She was abused, beaten and tortured, and her husband forced himself on her most nights when he came in the middle of the night, drunk.   She became pregnant at age 14 and, because of her statelessness, she had no rights. Jainab put up with all of this, without saying a word to anyone.   To make matters worse, Marshal’s mother came to live with them occasionally, and she made Jainab’s life even harder, as she didn’t bring a dowry to the marriage.  It is widely practiced traditionally that the bride’s parents will provide a dowry, which will contain all the necessary furniture, clothes for immediate members of the groom’s family and, from time to time, the grooms demand motorbikes or cash.  Furthermore, brides are expected to provide the wedding ceremony, which will include at least 500 people just from the groom’s friends and family, and there will also be people from the bride’s side to add to that number of guests.    The parents of the bride are expected to pay all expenses.

The bride only receives a Mahr, a mandatory payment, in the form of money or possessions, paid or promised by the groom to the bride at time of marriage, that legally becomes her property.  While the Mahr is often money, it can also be anything agreed upon by the bride, such as jewellery.  Mahr is typically specified in the marriage contract, which is signed during an Islamic marriage.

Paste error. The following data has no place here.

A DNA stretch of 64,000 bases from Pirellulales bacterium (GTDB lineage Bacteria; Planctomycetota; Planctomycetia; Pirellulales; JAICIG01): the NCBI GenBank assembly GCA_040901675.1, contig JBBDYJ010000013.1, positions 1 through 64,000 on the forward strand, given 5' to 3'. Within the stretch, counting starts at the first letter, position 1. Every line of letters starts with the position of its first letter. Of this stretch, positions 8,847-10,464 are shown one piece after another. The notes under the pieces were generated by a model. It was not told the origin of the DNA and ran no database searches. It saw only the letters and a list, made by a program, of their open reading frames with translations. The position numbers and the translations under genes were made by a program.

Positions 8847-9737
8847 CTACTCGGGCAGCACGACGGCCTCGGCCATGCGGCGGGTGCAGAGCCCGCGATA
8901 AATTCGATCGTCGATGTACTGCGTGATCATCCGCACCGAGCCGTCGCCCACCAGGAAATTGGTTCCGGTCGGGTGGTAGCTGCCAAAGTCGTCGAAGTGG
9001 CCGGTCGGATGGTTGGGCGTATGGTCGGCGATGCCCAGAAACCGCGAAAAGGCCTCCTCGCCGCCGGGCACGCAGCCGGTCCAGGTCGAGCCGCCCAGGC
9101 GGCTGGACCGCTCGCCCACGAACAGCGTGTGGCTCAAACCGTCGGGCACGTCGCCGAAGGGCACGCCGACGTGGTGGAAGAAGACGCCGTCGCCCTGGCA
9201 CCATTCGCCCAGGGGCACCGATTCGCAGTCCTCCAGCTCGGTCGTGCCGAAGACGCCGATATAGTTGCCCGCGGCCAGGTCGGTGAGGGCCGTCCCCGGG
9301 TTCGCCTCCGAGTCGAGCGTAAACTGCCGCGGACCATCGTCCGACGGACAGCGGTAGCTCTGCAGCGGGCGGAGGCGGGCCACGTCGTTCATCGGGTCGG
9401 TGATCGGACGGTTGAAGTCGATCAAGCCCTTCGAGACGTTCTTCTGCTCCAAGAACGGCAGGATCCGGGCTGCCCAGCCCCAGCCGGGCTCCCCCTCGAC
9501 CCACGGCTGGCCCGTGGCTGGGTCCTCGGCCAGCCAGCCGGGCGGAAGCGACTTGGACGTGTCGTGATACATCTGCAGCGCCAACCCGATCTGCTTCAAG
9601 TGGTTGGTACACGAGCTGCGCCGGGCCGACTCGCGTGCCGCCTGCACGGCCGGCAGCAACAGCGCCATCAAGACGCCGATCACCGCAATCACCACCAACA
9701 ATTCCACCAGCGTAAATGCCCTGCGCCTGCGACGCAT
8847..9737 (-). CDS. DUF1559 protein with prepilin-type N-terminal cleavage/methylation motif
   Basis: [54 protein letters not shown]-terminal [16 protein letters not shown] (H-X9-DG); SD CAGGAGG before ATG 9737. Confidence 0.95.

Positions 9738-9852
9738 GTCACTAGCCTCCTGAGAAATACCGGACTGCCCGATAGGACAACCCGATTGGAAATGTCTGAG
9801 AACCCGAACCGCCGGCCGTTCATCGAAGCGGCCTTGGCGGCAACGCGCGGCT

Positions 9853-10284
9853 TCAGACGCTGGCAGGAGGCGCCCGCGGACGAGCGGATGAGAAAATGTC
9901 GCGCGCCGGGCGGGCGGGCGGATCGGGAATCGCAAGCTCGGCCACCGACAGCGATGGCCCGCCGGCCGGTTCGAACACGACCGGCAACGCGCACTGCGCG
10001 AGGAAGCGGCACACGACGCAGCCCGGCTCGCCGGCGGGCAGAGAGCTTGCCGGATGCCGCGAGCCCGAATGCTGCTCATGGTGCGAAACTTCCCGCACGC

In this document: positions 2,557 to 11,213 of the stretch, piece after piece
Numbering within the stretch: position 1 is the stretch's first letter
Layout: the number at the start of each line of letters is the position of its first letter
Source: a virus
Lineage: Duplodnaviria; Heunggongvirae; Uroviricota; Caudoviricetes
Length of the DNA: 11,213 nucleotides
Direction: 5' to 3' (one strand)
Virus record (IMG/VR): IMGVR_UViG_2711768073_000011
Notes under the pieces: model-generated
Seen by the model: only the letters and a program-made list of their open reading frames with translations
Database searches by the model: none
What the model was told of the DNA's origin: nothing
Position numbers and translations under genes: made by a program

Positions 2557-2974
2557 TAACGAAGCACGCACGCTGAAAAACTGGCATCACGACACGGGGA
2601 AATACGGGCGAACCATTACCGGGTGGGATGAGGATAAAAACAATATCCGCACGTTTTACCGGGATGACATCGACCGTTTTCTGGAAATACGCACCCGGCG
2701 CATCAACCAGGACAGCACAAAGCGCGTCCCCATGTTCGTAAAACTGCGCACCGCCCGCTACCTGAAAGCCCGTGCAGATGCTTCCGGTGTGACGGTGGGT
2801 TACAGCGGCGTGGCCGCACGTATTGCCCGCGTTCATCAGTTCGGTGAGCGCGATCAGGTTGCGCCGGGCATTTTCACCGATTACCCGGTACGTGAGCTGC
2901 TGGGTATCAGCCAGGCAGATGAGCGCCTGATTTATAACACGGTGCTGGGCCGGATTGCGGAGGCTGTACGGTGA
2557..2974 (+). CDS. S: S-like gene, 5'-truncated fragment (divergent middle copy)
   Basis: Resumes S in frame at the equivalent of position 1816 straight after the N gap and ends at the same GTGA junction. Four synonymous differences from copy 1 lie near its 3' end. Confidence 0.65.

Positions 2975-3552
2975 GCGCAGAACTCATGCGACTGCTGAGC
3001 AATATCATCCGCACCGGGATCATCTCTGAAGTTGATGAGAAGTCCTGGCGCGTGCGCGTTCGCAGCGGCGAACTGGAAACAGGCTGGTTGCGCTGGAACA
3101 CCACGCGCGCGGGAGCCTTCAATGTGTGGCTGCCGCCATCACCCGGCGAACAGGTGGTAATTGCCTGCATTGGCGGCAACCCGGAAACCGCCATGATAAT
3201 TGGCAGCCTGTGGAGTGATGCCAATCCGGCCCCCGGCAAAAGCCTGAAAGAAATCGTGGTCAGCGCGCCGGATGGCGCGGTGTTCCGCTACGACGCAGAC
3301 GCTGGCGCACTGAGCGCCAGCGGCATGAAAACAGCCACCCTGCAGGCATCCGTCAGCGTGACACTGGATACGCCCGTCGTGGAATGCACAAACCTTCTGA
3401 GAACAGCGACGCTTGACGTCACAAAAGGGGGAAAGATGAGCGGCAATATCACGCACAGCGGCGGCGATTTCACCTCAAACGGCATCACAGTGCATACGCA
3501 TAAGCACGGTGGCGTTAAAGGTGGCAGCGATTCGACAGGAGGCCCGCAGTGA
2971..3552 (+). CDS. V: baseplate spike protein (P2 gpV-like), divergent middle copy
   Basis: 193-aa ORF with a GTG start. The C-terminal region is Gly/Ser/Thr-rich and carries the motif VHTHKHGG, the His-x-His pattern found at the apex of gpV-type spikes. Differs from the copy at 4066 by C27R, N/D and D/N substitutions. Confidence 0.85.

Suicide

Jainab was overcome by considerable pressure from multiple directions, which made her attempt suicide twice within a year.   Her life was purely heartbreaking, cruel and unimaginable. She didn’t mouth a single word about the deep wounds to her parents, as she felt as though she closed all the doors for herself by disobeying them. However, Marshal’s uncle, who was the only family living next to them and witnessed every trauma which Jainab experienced, informed Jainab’s parents about her horrifying life. He told them everything.  Her parents took her back with them from the hospital, following one of the beatings she endured.

Rehabilitation

Being back in her parent’s house provided time for her rehabilitation.  She gave birth to her first daughter on 11th of December 2006, in her parent’s home in Chittagong, and named her Ramisa. Marshal didn’t come to see his first daughter.   Although they were apart for almost a year, they still kept in touch. Despite having endured insufferable experiences, her love for him made her forgive him, and she gave him one more chance. Her parents couldn’t see a bright    future for her with him, but they accepted it for the sake of Jainab’s newly born daughter.  They got back together with the help of family members from both sides.  Marshal took them back to his father’s home, and Jainab’s parents sent a lot of things for them.  Even though her parents visited and looked after them, things didn’t work out between them. She couldn’t keep things to herself this time, because of her young baby daughter, and she escaped.   She came back to her parent’s house, and lived with them for many years.